(theoretically) causeless rebellions.  Although the government remains
firmly in the hands of the aristocracy, economic benefits (including a
good deal of expropriated American, British, and Texan property) are
distributed widely enough to forestall further revolution for decades.
Not until the death of his grandson, Francisco, from a drug overdose, in
1973 is there an attempt to restore the republic...an attempt that is
firmly suppressed, after three years of civil war, by Francisco's
brother-in-law, Count Felipe Sagasta, soon thereafter the Emperor
Felipe.

The Texan-Mexican border is much less well-defined, and consequently,
even more porous than the U.S.-Mexican border in OTL.  On the other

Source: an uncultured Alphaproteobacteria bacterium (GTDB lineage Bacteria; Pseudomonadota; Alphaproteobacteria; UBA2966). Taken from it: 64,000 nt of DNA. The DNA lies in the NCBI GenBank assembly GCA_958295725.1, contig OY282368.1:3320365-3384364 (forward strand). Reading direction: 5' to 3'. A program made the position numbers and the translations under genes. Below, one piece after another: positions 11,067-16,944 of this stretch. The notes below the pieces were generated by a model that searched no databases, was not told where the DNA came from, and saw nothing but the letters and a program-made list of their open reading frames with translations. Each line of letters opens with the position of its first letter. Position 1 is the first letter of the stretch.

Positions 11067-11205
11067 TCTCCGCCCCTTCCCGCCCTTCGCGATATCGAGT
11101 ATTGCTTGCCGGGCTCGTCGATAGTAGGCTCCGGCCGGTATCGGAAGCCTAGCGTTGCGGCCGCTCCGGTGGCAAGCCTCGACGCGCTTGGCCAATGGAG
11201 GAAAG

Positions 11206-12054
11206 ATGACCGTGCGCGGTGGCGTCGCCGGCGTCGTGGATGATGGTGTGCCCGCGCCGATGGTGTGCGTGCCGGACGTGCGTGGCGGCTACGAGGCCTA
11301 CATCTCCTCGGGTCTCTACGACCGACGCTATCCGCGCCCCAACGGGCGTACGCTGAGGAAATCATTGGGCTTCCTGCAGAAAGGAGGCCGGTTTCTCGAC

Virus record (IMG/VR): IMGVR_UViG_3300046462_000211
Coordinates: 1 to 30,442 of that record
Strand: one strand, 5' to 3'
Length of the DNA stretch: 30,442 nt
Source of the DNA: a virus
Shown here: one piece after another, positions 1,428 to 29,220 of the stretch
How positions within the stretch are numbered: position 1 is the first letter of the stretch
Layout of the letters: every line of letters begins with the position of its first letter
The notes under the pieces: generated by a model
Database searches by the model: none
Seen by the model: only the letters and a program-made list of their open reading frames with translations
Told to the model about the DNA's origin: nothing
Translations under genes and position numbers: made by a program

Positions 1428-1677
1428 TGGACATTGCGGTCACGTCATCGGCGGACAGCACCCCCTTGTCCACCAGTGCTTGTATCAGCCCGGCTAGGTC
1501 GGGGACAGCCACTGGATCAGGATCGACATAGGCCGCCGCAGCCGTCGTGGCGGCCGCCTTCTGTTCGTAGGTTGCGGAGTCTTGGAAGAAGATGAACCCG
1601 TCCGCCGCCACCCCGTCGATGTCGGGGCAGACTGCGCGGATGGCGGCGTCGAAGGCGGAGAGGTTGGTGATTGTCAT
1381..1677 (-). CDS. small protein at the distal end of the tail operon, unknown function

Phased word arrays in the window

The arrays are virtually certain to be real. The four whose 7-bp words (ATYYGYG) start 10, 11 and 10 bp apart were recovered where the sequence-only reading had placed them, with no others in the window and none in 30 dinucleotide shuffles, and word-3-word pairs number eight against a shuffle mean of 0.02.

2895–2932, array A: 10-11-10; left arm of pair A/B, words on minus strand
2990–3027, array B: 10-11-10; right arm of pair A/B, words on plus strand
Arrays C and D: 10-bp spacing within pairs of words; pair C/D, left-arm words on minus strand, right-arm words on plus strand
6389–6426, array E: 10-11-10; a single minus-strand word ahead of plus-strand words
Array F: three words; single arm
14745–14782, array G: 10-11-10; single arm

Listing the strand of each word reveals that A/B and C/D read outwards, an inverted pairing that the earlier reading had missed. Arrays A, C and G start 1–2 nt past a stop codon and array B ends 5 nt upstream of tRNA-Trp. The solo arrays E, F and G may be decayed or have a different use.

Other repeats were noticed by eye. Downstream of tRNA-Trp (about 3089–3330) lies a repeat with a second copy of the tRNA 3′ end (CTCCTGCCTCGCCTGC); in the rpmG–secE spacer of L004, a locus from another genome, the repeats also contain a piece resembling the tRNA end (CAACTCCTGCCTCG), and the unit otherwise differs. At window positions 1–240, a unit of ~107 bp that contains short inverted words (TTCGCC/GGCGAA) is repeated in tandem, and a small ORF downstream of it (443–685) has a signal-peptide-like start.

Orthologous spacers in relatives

hand, the Herrenvolk are much less hesitant to be brutal than the OTL
government of the U.S. is - and the Meschikaner community identifies
with the Staat more than they do with their dustyfoot cousins from the
south.

ATL Emperors of Mexico

Maximilian 1862-1911
Luis 1911-1929 son; deposed by
Juan Galindo 1929-1947 nephew
Galindo 1947-1957 son; assasinated
Francisco 1957-1973 son
(civil war) 1973-1976
Felipe 1976- brother-in-law

Felipe's son, Juan Galindo II, will succeed one of these days soon; the
Emperor is getting on in years.


The U.S. is a smaller, angrier, and more chauvinistic place than in
OTL.  The coup of 1842 put paid to hopes of a friendly annexation of
Texas, and the U.S. was never able to do so.  Neither did it have cause
or opportunity to fight the Mexican-American War, and annex the
Southwest.  Moreover, these things meant that "Manifest Destiny" never
had the effect on American politics that it did in OTL; the American
government was never able to insist on a partition of the Oregon country
between the U.S. and Britain, but instead had to accept the notion of a
formal U.S.-U.K. condominium, one that terminated in 1880 with the
formal independence of the Oregon Union (in OTL terms, British Columbia,
Washington, Oregon, and Idaho).